Apple sells fewer phones but profits rise

Apple sold slightly fewer iPhones in the final three months of 2017 than it did the year before, but higher prices compensated for the dip. The firm reported a record $20bn (£14bn) in quarterly profits, driven by strong growth in Japan and Europe. The results were the first official glimpse of sales figures for Apple’s expensive iPhone X. Chief executive Tim Cook said demand for the product, which starts at about $1,000, had surpassed expectations. Quarterly sales at the firm climbed by 13% year-on-year to a record $88.3bn. After an initial fall, Apple shares climbed more than 3% in after-hours trade. Apple released the iPhone X in November, coinciding with the 10th anniversary of the device and while the overall number of iPhones sold in the period slipped by 1% year-on-year to 77.3 million, the iPhone X had been the top-selling Apple handset every week since its launch, Mr Cook said. However the tech giant also issued a weaker-than-expected sales forecast for coming months, which appears to reinforce investor concerns that demand for Apple products may be dimming.

Betting firms to stop ‘unfair’ promotions

Betting firms Ladbrokes, William Hill, and PT Entertainment have agreed to change online games promotions after Pressure from the regulator. The Competition and Markets Authority (CMA) said punters must be able to cash out when they want, and not have to play more to release winnings. It said that “gambling firms must now stop unfair online promotions that trap players’ money”. The changes will apply to all promotions. Players will not be required to play multiple times before they can withdraw their own money, gambling firms must ensure that any restrictions on gameplay are made clear to players, and cannot rely on vague terms to take players’ money. Gambling firms must not make players take part in publicity to collect winnings”.

Drop in consumer demand hits UK car manufacturing

Car manufacturing in the UK fell last year for the first time since 2009. According to new figures from the Society of Motor Manufacturers and Traders (SMMT), 1.67 million cars left UK factories in 2017, a decline of 3% compared with the year before. The SMMT says lower demand from UK consumers was the main reason for the fall, although exports also dipped. New investment in the UK motor industry shrank as well, falling to £1.1bn last year, compared with £1.66bn in 2016. Despite the decline last year, manufacturing in the UK remains high by historical standards, having risen steadily in the aftermath of the financial crisis. The number of cars that rolled off the production lines in 2017 was still the second highest since the turn of the century. But the SMMT remains concerned about the effects of falling business and consumer confidence, as well as what it calls confusion over the government’s policy on diesel. Output for the domestic market fell by 9.8%, reflecting a decline in new car sales, which gathered pace towards the end of the year. Overseas demand continued to dominate production, with almost eight in every 10 cars built being sent abroad, more than half of them to the rest of the European Union.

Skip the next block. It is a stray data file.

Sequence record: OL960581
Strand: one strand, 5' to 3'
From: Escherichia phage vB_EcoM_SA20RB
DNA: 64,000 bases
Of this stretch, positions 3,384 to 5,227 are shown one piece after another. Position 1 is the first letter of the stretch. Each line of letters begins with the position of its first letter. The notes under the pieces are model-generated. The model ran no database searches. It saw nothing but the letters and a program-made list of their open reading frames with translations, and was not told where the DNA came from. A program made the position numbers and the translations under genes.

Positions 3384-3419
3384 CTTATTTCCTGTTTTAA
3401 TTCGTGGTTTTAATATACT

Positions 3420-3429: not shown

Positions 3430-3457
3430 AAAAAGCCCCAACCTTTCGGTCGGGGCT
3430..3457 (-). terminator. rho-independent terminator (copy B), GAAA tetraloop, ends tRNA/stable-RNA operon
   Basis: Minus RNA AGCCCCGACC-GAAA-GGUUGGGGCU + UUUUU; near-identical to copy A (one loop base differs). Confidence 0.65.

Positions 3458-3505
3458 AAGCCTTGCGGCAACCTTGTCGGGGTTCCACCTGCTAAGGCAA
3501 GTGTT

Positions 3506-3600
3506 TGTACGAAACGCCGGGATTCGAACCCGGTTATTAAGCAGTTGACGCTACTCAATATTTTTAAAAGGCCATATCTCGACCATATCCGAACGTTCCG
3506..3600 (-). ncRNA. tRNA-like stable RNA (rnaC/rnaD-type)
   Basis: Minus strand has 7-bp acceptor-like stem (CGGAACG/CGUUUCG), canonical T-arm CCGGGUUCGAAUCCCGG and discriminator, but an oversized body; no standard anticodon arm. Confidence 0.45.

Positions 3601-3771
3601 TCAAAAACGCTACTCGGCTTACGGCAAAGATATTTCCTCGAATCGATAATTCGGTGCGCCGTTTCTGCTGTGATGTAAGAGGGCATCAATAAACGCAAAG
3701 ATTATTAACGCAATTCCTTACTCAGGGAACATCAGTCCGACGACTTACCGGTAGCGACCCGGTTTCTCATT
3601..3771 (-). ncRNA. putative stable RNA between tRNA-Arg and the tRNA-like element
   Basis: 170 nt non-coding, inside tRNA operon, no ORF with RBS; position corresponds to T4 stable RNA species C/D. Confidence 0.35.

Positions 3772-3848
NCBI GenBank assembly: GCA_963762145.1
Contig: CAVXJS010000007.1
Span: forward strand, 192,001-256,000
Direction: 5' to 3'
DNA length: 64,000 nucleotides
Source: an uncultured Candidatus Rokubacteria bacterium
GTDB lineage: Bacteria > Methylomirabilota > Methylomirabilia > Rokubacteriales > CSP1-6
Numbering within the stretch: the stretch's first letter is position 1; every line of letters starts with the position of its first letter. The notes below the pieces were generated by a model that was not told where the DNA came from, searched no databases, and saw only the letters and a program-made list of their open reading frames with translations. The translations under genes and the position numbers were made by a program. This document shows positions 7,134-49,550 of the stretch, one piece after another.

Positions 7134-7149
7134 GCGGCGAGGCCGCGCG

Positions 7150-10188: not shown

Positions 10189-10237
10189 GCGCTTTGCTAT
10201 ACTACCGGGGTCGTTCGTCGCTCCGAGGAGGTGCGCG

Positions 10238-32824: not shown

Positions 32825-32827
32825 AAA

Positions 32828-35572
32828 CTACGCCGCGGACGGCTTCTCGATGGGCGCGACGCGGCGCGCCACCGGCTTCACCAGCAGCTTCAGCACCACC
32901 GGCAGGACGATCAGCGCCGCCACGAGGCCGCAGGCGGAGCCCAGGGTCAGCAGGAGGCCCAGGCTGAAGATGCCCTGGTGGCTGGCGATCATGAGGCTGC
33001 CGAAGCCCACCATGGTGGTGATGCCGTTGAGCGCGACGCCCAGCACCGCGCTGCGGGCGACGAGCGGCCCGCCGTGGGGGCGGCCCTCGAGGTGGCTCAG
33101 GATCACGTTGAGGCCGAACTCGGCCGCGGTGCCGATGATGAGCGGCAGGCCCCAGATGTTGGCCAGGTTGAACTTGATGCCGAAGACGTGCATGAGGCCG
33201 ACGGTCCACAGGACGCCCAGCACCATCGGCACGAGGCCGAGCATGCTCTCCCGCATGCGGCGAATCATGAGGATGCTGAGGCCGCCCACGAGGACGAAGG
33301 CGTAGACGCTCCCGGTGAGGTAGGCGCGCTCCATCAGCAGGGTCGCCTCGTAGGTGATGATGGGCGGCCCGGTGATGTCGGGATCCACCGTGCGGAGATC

Any Brexit deal will hit UK economy – government paper

The UK economy will grow more slowly outside the European Union, no matter what deal is struck with Brussels, a leaked government document suggests. The BuzzFeed News website reports the Whitehall analysis found growth over the next 15 years could be up to 8% lower than if the UK stayed in the EU. The document is said to look at the likely impact of different scenarios. Government sources say the UK will not be worse off, and its preferred bespoke trade deal option was not analysed. Meanwhile, the international trade secretary Liam Fox has said some fellow Leave campaigners must now accept that they will not achieve their vision of Brexit. Speaking to the Sun newspaper, Mr Fox said: “I know there are always disappointed individuals but they’re going to have to live with disappointment.” Chancellor Philip Hammond last week suggested the UK and EU economies could only move “very modestly” apart after Brexit. His remarks sparked outrage from backers of Leave and reports that the prime minister was struggling to keep her party together.

Carillion tried to ‘wriggle out’ of pension contributions